Elle’s Latinx Issue

3 minutes

Written by: Kayla Nelson

For Hispanic Heritage month, Elle decided to create an entire issue dedicated to showcasing designers, models, and leaders in the Latinx community. The Editor-in-Chief of Elle, Nina Garcia, considered this issue a long time in the making for herself as a member of the community. This year was the inaugural year of the Latinx issue and will continue in the future. The decision to create a Latinx issue was to highlight the contributions the community has made in fashion for a long time. Latinx people are hardly featured in fashion magazines without presenting a whitewashed version. This issue’s goal was to authentically represent the designer and model in relation to their culture. Although the issue was praised by many people, there were several important criticisms made.

First, the issue focused on Selena Gomez, a light skinned Latina, wearing designer clothes such as Chanel. The other brands featured in the spread included Louis Vuitton, Gucci, and Moschino. The lack of Latinx designers and styling made people question whether the issue truly wanted to embrace latin culture. Selena Gomez is styled with blonde Marilyn Monroe hair and European designers. Critics felt that Elle could have embraced Selena’s Mexican heritage like in her Allure cover. 

Next, the issue had little to no representation of Afro-Latinx people which perpetuates the issue of colorism within the fashion industry. The issue failed to even acknowledge the Afro-Latinx community within the essay about the contributions from the Latinx community. The issue did represent Latinx people with tanned skin which receive little representation compared to light skinned Latinx people. People on social media believed that Elle should publish several covers for this issue in the future to highlight celebrities with different skin tones that represent the Latinx community. This would allow Elle to showcase popular and rising Latinx celebrities.

Many critics were quick to place blame on Editor-in-Chief Nina Garcia, who is Colombian, for whitewashing the issue. Selena is pictured in mainstream designers like Gucci and Chanel. Plus, she is styled to appear like Marilyn Monroe who is an American icon. Elle missed an opportunity to showcase a lesser known Latinx celebrity that could have benefitted from the exposure.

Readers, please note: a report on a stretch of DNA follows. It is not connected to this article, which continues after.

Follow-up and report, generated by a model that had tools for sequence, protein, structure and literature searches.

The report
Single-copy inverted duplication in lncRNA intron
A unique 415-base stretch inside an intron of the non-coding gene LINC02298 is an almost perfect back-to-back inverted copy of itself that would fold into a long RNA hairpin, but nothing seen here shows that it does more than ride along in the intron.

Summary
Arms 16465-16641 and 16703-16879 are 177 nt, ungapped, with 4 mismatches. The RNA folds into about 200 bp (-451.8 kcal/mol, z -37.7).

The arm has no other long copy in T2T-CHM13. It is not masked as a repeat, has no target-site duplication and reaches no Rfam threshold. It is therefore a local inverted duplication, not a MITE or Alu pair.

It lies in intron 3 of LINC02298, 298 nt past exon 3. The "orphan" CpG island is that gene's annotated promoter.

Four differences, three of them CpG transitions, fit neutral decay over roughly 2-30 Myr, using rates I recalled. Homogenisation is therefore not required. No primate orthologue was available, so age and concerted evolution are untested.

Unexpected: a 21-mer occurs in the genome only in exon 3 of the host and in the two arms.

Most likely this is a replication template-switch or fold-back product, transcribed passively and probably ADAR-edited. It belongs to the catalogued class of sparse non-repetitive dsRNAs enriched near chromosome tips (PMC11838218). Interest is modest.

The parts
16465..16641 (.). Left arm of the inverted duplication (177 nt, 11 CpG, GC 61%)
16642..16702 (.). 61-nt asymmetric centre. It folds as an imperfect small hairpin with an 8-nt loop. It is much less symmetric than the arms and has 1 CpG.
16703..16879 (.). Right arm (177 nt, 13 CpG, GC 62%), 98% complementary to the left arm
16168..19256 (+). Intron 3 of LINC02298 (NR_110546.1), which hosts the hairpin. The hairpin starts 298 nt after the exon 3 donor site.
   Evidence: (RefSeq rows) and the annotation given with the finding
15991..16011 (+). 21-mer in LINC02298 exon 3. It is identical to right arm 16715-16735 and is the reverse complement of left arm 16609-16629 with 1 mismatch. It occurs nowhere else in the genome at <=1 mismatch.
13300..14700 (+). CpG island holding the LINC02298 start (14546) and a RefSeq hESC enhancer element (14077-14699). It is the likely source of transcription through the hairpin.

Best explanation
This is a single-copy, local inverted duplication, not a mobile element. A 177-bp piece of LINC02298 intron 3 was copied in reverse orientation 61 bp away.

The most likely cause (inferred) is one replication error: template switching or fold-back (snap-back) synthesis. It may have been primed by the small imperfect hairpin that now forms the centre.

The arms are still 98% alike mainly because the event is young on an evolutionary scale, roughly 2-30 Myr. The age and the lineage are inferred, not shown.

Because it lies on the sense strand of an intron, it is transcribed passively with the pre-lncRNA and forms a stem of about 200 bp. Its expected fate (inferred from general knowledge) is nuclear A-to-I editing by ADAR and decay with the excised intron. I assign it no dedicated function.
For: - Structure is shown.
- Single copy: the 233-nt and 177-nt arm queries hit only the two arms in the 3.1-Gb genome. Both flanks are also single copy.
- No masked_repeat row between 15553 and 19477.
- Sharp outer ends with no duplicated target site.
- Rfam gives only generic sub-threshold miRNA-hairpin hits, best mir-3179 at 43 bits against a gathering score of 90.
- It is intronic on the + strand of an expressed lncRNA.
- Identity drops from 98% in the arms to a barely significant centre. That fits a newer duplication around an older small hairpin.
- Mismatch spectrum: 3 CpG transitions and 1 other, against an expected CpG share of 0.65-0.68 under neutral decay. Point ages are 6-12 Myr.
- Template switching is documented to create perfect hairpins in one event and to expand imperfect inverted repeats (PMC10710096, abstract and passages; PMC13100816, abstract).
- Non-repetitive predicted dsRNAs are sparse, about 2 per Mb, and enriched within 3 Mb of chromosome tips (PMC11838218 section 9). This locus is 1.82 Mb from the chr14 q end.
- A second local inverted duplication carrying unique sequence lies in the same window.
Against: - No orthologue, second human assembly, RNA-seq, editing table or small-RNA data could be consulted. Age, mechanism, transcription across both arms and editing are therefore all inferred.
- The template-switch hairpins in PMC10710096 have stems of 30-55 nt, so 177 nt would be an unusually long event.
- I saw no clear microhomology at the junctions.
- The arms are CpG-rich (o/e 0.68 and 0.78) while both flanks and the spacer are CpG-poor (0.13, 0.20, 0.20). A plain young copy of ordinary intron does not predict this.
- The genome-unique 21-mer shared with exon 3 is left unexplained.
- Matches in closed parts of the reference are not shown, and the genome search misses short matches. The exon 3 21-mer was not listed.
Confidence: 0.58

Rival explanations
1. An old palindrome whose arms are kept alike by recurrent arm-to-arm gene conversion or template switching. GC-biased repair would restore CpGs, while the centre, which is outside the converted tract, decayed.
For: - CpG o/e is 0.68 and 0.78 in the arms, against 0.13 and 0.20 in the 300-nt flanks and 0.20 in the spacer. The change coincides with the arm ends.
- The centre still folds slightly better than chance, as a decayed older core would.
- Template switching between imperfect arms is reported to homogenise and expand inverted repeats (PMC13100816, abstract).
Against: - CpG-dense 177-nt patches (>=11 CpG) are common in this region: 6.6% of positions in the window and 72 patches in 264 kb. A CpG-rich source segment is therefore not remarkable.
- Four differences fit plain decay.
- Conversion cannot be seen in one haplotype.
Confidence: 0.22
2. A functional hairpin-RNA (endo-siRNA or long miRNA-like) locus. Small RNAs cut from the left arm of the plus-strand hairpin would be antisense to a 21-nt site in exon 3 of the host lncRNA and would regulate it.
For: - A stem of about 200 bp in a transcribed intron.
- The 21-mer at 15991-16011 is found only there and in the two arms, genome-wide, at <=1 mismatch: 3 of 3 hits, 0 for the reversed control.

Fortunately, the Latinx issue will be published annually each Hispanic heritage month which would give Elle the opportunity to improve upon Latinx representation. Next year, it would be great to see featured celebrities, models, and designers in clothes designed by Latinx designers. Elle missed the mark when they decided to use mainstream European designers such as Louis Vuitton and Gucci. Elle needs to include people from the Afro-Latinx community as they are influential to American fashion. Elle magazine needs to be aware of their representation of Latinx designers throughout the year. They could be accused of performative activism if they push out all of their Latinx designers from their normal issues.

When I asked who Elle should place on their cover next year, I receive suggestions such as Zoe Saldana, Jennifer Lopez, Shakira, and Bad Bunny. Elle is taking a step in the right direction with their yearly Latinx issue. However, there are major criticisms that they must take into consideration for their future issues. Otherwise, these issues will negatively impact the community they are trying to represent. Comment down below your thoughts about Elle’s Latinx issue or who you think should be on next year’s cover.

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